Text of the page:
Josh Hawley
Senator Josh Hawley, a Republican from Missouri, speaks during a Senate Judiciary Committee hearing on pending judicial nominations, Wednesday, April 28, 2021 on Capitol Hill in Washington. (Tom Williams/Pool via AP)

Senators Josh Hawley and Richard Blumenthal rarely agree on anything. But at a hearing Wednesday of the Senate Antitrust Subcommittee, the Missouri Republican and the Connecticut Democrat were practically finishing each other’s sentences on an issue that has often been ignored inside the halls of Congress: the deleterious effects of hospital consolidation throughout the United States.

Hawley, who in January helped incite a violent insurrection on the U.S. Capitol, sounded the alarm over Wall Street financing hospital mergers, especially in small towns. “I’m concerned about the possibility that private equity and their intervention here is actually helping drive consolidation in a way that is unhealthy in this industry and can be particularly harmful for rural communities, like many that make up my state,” he said. Blumenthal, a former prosecutor who has pushed for a criminal investigation of Donald Trump’s misconduct, expressed the same concerns. “Large hospital chains under private equity management have been forced to sell off and close hospitals to meet their debt burden,” he declared. “The incentives and self-interest of the private equity funds drive the finances rather than respect and care for the patients who are there or the professional staff who ensure quality care.”

The takeaway from the hearing was clear: While just a few years ago, hardly anyone identified consolidation in the health care “provider market” (hospitals, doctor groups, etc.) as a driver of the rising costs of health care and other ills plaguing the industry, something of a bipartisan consensus has emerged that recognizes the trend as alarming.

There were even unlikely bedfellows among the witnesses. Michael Cannon, the director of health policy studies at the libertarian, Koch-funded Cato Institute, noted that “provider consolidation” was an “important contributor” to exorbitant costs and low-quality care. At the same time, Ahmer Qadeer, director of strategic initiatives at the Service Employees International Union (SEIU), castigated hospital consolidation for its exploitative impact on workers. “There is substantial empirical evidence that when employment is concentrated among fewer firms and workers have fewer employment options, it leads to lower wages,” he told the senators.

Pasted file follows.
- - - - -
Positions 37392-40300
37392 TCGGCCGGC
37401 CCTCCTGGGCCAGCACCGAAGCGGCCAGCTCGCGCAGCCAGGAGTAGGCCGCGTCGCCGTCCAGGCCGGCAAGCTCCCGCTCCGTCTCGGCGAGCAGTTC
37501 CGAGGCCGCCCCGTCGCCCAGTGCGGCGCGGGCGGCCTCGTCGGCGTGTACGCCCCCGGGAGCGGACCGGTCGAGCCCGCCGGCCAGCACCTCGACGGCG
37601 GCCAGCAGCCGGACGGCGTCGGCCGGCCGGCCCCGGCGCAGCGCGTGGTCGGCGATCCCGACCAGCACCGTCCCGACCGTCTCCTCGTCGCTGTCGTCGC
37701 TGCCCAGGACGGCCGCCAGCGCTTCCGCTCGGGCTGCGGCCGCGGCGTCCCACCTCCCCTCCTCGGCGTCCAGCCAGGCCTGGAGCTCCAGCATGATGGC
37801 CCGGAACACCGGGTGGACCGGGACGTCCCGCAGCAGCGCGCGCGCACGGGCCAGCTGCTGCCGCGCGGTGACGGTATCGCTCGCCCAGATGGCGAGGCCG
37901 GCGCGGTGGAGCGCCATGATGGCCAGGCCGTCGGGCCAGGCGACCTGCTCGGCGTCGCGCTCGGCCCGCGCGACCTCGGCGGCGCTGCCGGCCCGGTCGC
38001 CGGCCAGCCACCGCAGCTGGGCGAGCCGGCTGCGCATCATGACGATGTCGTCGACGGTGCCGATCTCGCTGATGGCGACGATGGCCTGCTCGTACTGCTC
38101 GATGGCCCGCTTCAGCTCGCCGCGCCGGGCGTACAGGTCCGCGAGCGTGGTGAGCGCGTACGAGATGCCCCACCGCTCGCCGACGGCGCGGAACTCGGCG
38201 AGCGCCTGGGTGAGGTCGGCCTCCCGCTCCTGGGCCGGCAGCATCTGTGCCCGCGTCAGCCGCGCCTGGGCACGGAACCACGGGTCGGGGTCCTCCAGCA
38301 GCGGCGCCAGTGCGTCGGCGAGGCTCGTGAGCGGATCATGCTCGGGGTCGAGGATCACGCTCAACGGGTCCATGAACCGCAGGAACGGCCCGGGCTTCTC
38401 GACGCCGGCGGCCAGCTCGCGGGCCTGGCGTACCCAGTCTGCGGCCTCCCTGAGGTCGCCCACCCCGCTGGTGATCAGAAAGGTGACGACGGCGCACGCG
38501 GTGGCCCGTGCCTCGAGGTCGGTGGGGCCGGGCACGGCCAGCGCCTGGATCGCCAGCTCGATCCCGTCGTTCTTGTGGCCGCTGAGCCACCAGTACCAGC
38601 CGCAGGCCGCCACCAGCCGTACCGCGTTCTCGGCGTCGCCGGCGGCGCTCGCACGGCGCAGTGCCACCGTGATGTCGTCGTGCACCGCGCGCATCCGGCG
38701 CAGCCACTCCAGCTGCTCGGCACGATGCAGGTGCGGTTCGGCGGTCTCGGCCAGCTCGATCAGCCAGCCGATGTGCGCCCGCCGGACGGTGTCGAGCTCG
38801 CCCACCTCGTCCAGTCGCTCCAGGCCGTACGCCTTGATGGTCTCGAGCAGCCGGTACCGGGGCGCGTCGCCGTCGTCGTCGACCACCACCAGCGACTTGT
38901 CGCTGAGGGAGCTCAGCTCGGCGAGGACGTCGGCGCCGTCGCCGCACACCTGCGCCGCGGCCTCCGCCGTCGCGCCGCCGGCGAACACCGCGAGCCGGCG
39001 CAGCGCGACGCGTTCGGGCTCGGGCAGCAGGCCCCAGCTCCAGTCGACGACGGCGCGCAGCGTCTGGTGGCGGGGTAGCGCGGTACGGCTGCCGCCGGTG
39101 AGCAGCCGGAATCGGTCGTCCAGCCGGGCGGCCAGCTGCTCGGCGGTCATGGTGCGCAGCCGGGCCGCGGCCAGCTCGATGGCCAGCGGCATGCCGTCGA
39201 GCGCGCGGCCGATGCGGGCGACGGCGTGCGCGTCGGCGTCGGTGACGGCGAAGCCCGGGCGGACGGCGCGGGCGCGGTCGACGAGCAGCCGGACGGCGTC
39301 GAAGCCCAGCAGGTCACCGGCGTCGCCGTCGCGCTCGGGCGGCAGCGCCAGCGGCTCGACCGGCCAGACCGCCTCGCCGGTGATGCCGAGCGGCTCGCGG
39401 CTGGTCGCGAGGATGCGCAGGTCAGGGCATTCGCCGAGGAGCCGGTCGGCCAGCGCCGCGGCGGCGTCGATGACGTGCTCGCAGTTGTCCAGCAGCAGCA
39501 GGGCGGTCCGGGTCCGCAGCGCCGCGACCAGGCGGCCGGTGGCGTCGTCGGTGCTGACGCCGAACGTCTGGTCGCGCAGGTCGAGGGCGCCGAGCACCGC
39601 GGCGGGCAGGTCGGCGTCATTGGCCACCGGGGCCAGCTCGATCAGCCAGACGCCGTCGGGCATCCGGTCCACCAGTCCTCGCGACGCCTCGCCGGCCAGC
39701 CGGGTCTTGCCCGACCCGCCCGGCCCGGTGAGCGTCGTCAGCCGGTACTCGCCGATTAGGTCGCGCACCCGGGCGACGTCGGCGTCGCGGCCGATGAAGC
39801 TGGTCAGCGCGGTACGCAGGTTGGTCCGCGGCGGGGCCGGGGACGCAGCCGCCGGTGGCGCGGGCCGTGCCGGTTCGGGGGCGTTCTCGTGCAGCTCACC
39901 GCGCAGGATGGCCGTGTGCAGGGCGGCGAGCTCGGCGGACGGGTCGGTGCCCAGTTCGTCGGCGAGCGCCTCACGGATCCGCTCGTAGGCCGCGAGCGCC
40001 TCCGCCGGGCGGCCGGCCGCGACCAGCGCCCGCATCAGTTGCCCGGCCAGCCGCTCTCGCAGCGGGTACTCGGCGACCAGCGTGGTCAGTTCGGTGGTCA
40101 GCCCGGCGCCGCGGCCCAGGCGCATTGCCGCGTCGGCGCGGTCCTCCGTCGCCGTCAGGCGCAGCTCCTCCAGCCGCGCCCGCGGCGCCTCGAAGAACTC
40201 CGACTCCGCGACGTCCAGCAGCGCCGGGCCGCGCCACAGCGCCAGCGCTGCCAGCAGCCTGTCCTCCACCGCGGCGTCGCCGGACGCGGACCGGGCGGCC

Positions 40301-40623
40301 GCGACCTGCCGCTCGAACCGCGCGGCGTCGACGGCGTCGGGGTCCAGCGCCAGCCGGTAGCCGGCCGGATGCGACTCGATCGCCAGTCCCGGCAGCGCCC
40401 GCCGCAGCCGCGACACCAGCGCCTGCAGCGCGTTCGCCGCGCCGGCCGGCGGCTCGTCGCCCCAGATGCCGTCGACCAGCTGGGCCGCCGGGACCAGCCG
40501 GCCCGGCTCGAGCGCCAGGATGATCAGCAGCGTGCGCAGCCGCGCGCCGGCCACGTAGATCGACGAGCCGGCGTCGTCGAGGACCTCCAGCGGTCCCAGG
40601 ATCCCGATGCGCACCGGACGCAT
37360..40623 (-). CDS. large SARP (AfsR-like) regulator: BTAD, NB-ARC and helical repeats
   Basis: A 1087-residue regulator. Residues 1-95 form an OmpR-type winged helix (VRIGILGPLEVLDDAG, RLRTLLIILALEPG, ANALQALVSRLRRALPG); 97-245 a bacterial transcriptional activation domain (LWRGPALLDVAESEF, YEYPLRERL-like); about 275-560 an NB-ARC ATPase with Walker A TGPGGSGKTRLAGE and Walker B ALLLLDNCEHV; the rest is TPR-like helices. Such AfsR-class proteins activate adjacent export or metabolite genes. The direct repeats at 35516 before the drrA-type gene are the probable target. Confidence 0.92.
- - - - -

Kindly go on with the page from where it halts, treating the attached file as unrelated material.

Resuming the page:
In fact, only one speaker was willing to argue in favor of hospital mergers: Rod Hochman, chair of the American Hospital Association (AHA), the industry’s main trade group. “Integration is necessary to assure that both the human and financial capital is available to stand up, reconfigure, or even reimagine the services needed and how best to deliver them in a field facing increasing competition,” he said.

The lawmakers didn’t seem to buy it. Democratic Senator Amy Klobuchar, who chairs the subcommittee, cited a 2018 study that found that hospital prices are 12 percent higher in monopoly markets compared to those with four or more competing hospitals. She added that hospital mergers “can also reduce incentives to innovate in the way they deliver care.” Hawley, too, scoffed at Hochman’s argument.  “Hospital mergers lead to or can enhance monopsony power in labor markets … this can depress wages below the efficient level, distort hiring decisions, and in the long run, harm incentives for investments in human capital,” he said.

The Senate’s bipartisan recognition of the problems caused by hospital consolidation is overdue. For years, mergers in the hospital sector, which makes up a third of all health care spending, have been a catalyst behind the nation’s rising health care costs. Average premiums have increased more than twice as fast as wages since 2009 and deductibles have nearly doubled. Health care spending per person in the U.S. is roughly twice that of other wealthy nations, with no appreciable differences in outcomes.